look ahead to 2017

As I sit here at my computer writing this post I’m excited about the possibilities for the blog in 2017. So what are some of the changes in order? I’m glad you asked…

More posts in store for the new year. About twice as many in fact as I’m committing to a Wednesday/Saturday posting schedule in 2017. It took me a while but I think I’ve finally figured out how to make a posting calendar work for me. If you’ve spent any time blogging at all you will eventually confront the challenge of figuring out what to write about next. And if you are at all serious about your site and respectful of the people who make the effort to follow it, this question of what next can quickly grow from challenge to anxiety especially in the face of a looming deadline.

The advice of experienced bloggers is that a posting calendar facilitates sticking to a posting schedule. For too long, I attempted to keep to the latter without the benefit of the former. So, for example, while I would know the deadline for my weekly Saturday post was upcoming I wouldn’t necessarily know the topic of those posts even after sitting down to write them. This is simply the recipe for frustration. In early November, this all changed for me. I created a posting calendar in Evernote that has helped me research and plan my posts through the end of the year. Thus far, the calendar has worked very well and I’ve kept to it with minimal variation.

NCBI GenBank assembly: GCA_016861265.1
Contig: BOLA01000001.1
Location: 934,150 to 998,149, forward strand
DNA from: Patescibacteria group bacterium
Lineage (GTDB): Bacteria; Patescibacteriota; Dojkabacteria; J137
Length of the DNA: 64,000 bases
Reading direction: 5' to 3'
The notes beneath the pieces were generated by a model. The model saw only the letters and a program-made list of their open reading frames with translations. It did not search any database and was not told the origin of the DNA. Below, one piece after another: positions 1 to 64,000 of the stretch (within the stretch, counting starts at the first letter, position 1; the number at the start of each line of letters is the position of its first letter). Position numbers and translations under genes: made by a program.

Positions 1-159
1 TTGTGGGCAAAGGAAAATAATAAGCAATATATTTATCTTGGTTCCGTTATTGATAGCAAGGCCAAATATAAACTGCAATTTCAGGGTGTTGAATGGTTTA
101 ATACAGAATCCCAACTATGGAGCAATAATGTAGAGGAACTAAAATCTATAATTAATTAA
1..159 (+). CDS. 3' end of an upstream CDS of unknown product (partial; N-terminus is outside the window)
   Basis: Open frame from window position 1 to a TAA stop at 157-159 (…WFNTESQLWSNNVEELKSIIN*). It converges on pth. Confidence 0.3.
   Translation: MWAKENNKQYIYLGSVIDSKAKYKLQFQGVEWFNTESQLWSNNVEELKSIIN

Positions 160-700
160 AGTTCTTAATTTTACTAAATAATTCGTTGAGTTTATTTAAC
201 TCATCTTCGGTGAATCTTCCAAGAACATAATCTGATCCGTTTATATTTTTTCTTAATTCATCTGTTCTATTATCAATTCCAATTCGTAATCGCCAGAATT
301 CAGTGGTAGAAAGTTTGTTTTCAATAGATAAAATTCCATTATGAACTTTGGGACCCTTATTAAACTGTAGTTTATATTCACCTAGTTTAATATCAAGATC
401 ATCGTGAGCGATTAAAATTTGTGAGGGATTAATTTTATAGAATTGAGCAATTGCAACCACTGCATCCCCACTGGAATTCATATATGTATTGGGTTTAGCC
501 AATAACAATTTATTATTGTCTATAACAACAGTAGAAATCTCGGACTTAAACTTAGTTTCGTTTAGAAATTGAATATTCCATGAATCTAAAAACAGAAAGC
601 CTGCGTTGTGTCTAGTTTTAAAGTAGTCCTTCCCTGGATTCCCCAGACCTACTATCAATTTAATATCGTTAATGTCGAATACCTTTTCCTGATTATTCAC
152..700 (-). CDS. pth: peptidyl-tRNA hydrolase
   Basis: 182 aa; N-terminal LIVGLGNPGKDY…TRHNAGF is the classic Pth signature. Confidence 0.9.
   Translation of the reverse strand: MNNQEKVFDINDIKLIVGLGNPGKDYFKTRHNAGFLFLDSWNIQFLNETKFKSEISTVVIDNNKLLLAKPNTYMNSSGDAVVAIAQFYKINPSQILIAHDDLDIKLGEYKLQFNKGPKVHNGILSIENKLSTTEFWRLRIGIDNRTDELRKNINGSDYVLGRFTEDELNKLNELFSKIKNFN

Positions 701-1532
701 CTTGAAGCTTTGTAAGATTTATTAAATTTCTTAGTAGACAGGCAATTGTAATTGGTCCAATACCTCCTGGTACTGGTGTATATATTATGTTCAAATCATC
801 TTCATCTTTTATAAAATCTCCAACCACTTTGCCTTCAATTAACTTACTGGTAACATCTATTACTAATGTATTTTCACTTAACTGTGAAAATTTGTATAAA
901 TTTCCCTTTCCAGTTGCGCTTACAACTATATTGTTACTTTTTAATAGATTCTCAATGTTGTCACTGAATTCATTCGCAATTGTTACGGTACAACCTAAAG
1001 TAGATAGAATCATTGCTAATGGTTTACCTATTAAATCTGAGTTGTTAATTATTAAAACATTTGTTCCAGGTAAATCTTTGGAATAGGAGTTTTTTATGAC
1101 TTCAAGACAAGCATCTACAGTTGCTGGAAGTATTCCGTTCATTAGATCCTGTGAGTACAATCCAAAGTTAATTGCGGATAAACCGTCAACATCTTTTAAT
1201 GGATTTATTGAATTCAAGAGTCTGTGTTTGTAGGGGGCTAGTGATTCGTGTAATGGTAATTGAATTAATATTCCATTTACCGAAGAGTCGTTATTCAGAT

One-on-one interviews with people living the life of buildings, bread and bicycles. Simply, it’s time to put more people in PeopledPlaces. I’ve always planned to profile the folks I meet who share my love of architecture and design, bread making and other craft foods, and bicycling culture. Beginning in 2017, once every other month or so, I’ll introduce this project.

Video. I enjoy the writing and photography I do as part of telling the PeopledPlaces story but it’s time to introduce video into the mix. Some stories are just better told this way and readers can expect to start seeing video shorts as soon as I figure out how to improve the sound quality of my recordings.

Lastly, a monthly e-newsletter will begin in January. I’ve been testing this project for some time but didn’t want to begin until I had a better idea of the focus for the email subscribers to PeopledPlaces. If you’ve followed the blog for some time particularly those posts related to bread making you’ll note that I don’t include a lot of bread recipe details. There’s a couple of reasons for this. First, I want to give full credit to the sources from which I draw my bread baking inspiration and the best way I know to do this is to link directly to those sites. Second, I’m more interested in the story, culture, people and craft if bread rather than obsessing over temperatures, ratios, hydration percentages and the like.

As I’ve written about previously, I adhere to Peter Reinhart’s recommendation to follow the spirit of the law rather than the letter of the law. But this perspective doesn’t mean the details of bread baking are unimportant to me. For example, I keep a bread log to track my progress as a baker and wherein in note successes and maybe more importantly, failures. For those who’d like to go deeper, the PeopledPlaces e-newsletter will provide this behind the scenes view. Also, the e-newsletter will give readers a heads up on posts planned for the month upcoming as well as ideas and progress on new projects.

Well, this is the plan for the changes ahead and I can’t wait to get started. If you’ve enjoyed following the blog I’d love to hear it. And if you have any ideas for future topics or projects, let me know. As always, thanks for reading.

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